Saturday, August 7, 2010

Try Never to Triangulate

Triangles are great for geometry, but they are not healthy for relationships. When I work with couples and families, I often map out the communication patterns. Going direct to the person you have a concern about is generally much more constructive than telling a third person. It requires integrity, emotional bravery, and honesty to do so.

Let's pretend you are married, and you have a complaint about your partner, and how they are treating you. You could choose to discuss that gripe with a friend, your coworker, the children, your former partner, your sibling, or your mother. These are not the best choices from a therapist's perspective. It would TRIANGULATE a third person into a relationship that should be a two-person relationship dyad. A marriage relationship is a sacred trust, and you violate that when one of you "invites" someone else into that trust. Also, rarely do people present a balanced view of what they themselves are contributing to the conflict when talking to an outsider. It is tempting and easy to make yourself the good guy and your spouse the bad guy. The truth is probably in between, with both you and your partner contributing when there is dissatisfaction.

In all relationships, we do communication dances. If we change our dancesteps, it can create pressure for the other person to change their dancesteps also. When you
are not at ease with someone who matters to you, I encourage you to schedule some quiet, uninterrupted time to talk with them and get their perspective. An attitude of curiosity about yourself and the other person is very helpful here. Don't approach the other person from a superior or know-it-all position. Instead, try to express your concern and ask for their perspective. Surprises are not good in this part of a relationship, so meet to discuss changes that are needed only by appointment with each other. No surprise attacks as your partner heads off to work in the morning!

Direct communication feels better. It feels terrible to hear someone close to you is badmouthing you behind your back, and this is a wimpy and ineffective approach. Only the other person you are in a relationship with shares the power with you to make things better between you.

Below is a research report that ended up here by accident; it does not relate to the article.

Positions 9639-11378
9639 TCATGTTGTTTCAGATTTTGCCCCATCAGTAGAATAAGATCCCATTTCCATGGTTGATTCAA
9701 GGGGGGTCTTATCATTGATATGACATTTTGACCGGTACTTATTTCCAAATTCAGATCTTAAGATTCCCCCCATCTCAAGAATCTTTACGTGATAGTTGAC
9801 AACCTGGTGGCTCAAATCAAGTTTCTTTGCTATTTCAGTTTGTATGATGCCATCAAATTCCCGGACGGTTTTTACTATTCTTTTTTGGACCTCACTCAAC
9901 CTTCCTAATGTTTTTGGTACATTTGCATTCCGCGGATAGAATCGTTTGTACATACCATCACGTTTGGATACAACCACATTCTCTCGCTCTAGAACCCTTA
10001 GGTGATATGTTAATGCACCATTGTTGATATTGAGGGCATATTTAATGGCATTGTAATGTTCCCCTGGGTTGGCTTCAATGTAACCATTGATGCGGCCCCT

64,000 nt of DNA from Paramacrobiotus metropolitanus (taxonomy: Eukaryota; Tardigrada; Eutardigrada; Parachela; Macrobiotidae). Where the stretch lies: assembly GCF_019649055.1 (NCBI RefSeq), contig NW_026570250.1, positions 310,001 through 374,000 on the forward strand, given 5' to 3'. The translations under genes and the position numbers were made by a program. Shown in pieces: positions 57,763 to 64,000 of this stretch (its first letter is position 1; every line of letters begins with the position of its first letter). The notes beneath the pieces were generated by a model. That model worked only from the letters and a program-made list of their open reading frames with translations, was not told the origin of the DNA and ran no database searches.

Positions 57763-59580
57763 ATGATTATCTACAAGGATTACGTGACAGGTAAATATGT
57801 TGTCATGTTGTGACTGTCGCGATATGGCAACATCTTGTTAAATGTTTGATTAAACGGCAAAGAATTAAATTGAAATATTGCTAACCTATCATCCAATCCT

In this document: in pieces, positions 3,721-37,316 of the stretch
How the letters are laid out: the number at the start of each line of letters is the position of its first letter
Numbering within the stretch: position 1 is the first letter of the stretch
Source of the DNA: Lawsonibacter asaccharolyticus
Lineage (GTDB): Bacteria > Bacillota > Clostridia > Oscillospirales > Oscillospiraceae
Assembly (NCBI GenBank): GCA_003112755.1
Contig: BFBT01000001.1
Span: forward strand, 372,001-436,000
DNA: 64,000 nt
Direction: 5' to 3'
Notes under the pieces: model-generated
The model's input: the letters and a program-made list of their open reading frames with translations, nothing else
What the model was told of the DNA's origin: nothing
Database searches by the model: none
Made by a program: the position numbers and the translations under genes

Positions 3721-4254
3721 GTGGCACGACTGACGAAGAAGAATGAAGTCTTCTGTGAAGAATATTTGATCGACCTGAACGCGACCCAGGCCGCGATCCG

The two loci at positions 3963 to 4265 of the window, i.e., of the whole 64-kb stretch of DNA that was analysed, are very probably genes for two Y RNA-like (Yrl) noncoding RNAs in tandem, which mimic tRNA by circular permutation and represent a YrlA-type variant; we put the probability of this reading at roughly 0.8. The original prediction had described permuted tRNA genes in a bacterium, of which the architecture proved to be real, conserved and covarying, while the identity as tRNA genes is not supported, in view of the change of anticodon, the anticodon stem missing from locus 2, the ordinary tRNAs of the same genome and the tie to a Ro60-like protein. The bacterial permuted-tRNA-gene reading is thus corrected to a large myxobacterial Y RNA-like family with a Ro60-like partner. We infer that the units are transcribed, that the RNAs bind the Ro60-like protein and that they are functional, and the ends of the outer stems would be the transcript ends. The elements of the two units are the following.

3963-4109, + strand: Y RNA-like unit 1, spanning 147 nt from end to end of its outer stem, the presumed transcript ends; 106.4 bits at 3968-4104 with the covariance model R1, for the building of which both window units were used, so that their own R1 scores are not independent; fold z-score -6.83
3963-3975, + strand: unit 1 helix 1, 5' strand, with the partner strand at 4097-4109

If you need coaching on how to become a more courageous and positively assertive person, see a therapist. A good therapist can help you understand your communication style, how your family communicated when you were growing up, and better ways to do it now. A competent therapist can help balance your view, and take responsibility for your part of the communication dance. In healthy relationships, we recognize everyone contributes to what is being experienced. There often isn't a bad guy.

Direct communication works well in parenting, too. When there are changes in the family, we need to be able to say the truth to children and teens,at age-appropriate levels, about what is happening, and how it might impact them. This could be true about talking about a vacation, a move, a parents' job loss,expectations with school starting,illness,or family changes like a separation or divorce. Children and teens feel worse when they sense impending changes but noone is talking about the elephant in the room.

It is also important to be direct with positive communication, like appreciating the good things another person brings to a relationship. Buckets of tears have been shed in my counseling office over the past 20 years by children, teens, and adults who are in close relationships with people who are so broken that they can't say 'I love you' or share what they appreciate about the other person. Like we are supposed to mindread? Expressing directly what you LIKE about the other person and APPRECIATE about their behavior is powerful. Why would you deny yourself this connection?

When in doubt in your relationships this week, find a way to go direct. Your relationships will get stronger, and you will like yourself better. Your relationships can only be as healthy as you are. Your relationship skills dictate the quality of what you experience. Truly, as scientist and writer Jon Kabot Zinn,Ph.D, titled his book on mindfulness, "Wherever you go, there you are". Let's leave triangles to geometry class. To build great relationships, let's be grown-up, courageous, and direct.

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